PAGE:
Book Review: The Book of M

the book of mThe Book of M
by Peng Shepherd
Dystopia/Magical Realism
485 pages
Published June 2018

What defines a person? Your experiences? Your personality? The emotional bonds you forge? What happens when you forget? Are you still you if you don’t remember who that is? The Book of M tackles these questions and takes an intimate look at what happens when some people forget but others remember.

We enter on Max and Ory in an abandoned hotel, running out of food and supplies. Max has lost her shadow, which means she will soon start forgetting. Everything. (There are rumors that Shadowless have died because they forgot to breathe or eat.) We learn it’s been a few years since the phenomenon started happening, and flashbacks tell us the story of those early months. Like any good dystopia, it is a world-altering process. Governments are gone because no one remembered to run them. Food and other supplies are dwindling because farmers, shippers, manufacturers forgot what they were doing and how to do it.

But with the forgetting comes – magic, of a sort. Ory comes across a deer in the forest that instead of antlers, has wings sprouting from its forehead. Because someone forgot that deer shouldn’t have wings – and so it happened. Forgetting that something can be destroyed can make it indestructible. Forgetting that you left a place can take you back to that place. Forgetting a place exists can make that place no longer exist. It’s not a very controllable kind of magic. And it’s dangerous – you can never be quite sure what you’ll forget, and you can affect other people with it.

And the forgetting starts with losing your shadow. Ory gives Max a tape recorder, so she can record things she might forget. He posts signs around their hideout to remind her of things, like “Let no one in. Ory has a key.” and “Don’t touch the guns or the knives.” But Max knows she is a danger to Ory, and so while she can still remember enough to function, she runs away.

The book mostly concerns Ory and Max’s journeys across the country; Max trying to find something she’s forgotten, and Ory trying to find Max. The adventure is gripping, heartbreaking, and at times confusing. (Mostly on Max’s end, as magic warps things around her.) There are a few side characters who also have viewpoint chapters. Naz Ahmadi is an Iranian girl training for the Olympics in the US – in archery, which comes in quite handy. We also have The One Who Gathers, a mysterious man in New Orleans who has gathered a flock of shadowless.

If you ever played the roleplaying game Mage: the Ascension, and remember the concept of Paradox, this book reminds me of that a lot. (Is it a surprise that I’m a tabletop RPG geek? It shouldn’t be. I own almost all of the old World of Darkness books, and currently play in a D&D game, and hopefully soon a second D&D game!) Anyway. Paradox. Where doing magic too far outside the bounds of acceptable reality punishes you, so you have to weigh the potential consequences against the magic you want to do.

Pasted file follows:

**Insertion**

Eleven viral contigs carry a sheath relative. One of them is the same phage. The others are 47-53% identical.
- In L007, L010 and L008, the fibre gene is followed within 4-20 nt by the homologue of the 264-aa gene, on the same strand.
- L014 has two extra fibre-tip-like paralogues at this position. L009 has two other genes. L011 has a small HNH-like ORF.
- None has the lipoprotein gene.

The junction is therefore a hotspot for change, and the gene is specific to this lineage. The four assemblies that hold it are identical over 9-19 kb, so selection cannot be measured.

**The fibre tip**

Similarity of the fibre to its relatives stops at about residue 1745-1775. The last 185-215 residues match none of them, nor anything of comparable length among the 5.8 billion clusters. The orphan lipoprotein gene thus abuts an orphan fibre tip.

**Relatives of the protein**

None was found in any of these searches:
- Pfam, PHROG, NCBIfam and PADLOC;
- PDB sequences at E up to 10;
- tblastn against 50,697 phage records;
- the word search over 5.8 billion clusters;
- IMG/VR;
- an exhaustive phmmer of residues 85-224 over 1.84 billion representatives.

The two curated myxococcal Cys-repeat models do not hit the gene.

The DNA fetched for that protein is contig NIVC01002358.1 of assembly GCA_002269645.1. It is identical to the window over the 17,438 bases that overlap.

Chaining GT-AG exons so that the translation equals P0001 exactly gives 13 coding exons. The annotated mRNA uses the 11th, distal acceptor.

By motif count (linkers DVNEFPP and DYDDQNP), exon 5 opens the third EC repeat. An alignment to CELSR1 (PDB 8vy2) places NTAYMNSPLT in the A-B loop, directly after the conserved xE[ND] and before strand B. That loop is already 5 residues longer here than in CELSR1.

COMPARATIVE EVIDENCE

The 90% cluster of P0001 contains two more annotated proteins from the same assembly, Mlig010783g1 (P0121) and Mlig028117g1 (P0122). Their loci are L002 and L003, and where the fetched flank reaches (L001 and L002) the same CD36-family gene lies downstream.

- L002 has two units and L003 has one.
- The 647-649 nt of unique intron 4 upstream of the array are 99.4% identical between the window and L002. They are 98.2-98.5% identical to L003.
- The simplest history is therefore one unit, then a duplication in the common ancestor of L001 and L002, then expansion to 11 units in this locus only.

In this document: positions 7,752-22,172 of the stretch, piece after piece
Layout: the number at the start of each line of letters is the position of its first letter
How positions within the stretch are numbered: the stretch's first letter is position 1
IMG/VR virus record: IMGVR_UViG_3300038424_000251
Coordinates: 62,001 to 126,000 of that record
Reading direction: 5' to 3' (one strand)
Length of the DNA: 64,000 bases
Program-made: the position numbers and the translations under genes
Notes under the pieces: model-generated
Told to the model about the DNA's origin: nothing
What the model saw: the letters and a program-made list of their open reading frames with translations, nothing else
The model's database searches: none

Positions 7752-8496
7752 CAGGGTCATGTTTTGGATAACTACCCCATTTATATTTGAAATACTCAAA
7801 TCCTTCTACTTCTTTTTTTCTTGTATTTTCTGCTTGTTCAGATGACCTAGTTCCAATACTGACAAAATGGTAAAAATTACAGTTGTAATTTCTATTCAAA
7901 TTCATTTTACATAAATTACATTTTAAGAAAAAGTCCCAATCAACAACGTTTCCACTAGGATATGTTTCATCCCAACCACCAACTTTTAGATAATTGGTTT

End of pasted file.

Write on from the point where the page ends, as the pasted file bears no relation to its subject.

I really enjoyed this debut novel; it is a very original take on a dystopia, and raised a lot of questions about personality, memories, and what makes a person the person you remember.

From the cover of The Book of M:

Set in a dangerous near-future world, The Book of M tells the captivating story of a group of ordinary people caught in an extraordinary catastrophe who risk everything to save the ones they love. This sweeping debut illuminates the power that memories have not only on the heart, but on the world itself.

One afternoon at an outdoor market in India, a man’s shadow disappears – an occurrence that science cannot explain. He is only the first. The phenomenon spreads like a plague, and while those afflicted gain a strange new power, the magic comes at a horrible price: the loss of all their memories.

Two years later, Ory and his wife, Max, have escaped the Forgetting by hiding in an abandoned hotel deep in the woods outside Arlington, Virginia. Their new life feels almost normal, until their greatest fear happens to them, and Max’s shadow disappears, too.

Knowing that the more she forgets, the more dangerous she will become to the person most precious to her, Max runs away while Ory is out foraging for supplies – but he refuses to give up what little time they have left together. Desperate to find Max before her memory disappears completely, Ory follows her trail across a perilous, unrecognizable world, braving the threat of roaming bandits, the call to a new war being waged amid the ruins of the capital, and the rise of a sinister cult that worships the shadowless.

On their separate journeys, each searches for answers: for Ory, about love, about survival, about hope; and for Max, about a mysterious new force growing in the south that may hold the cure.

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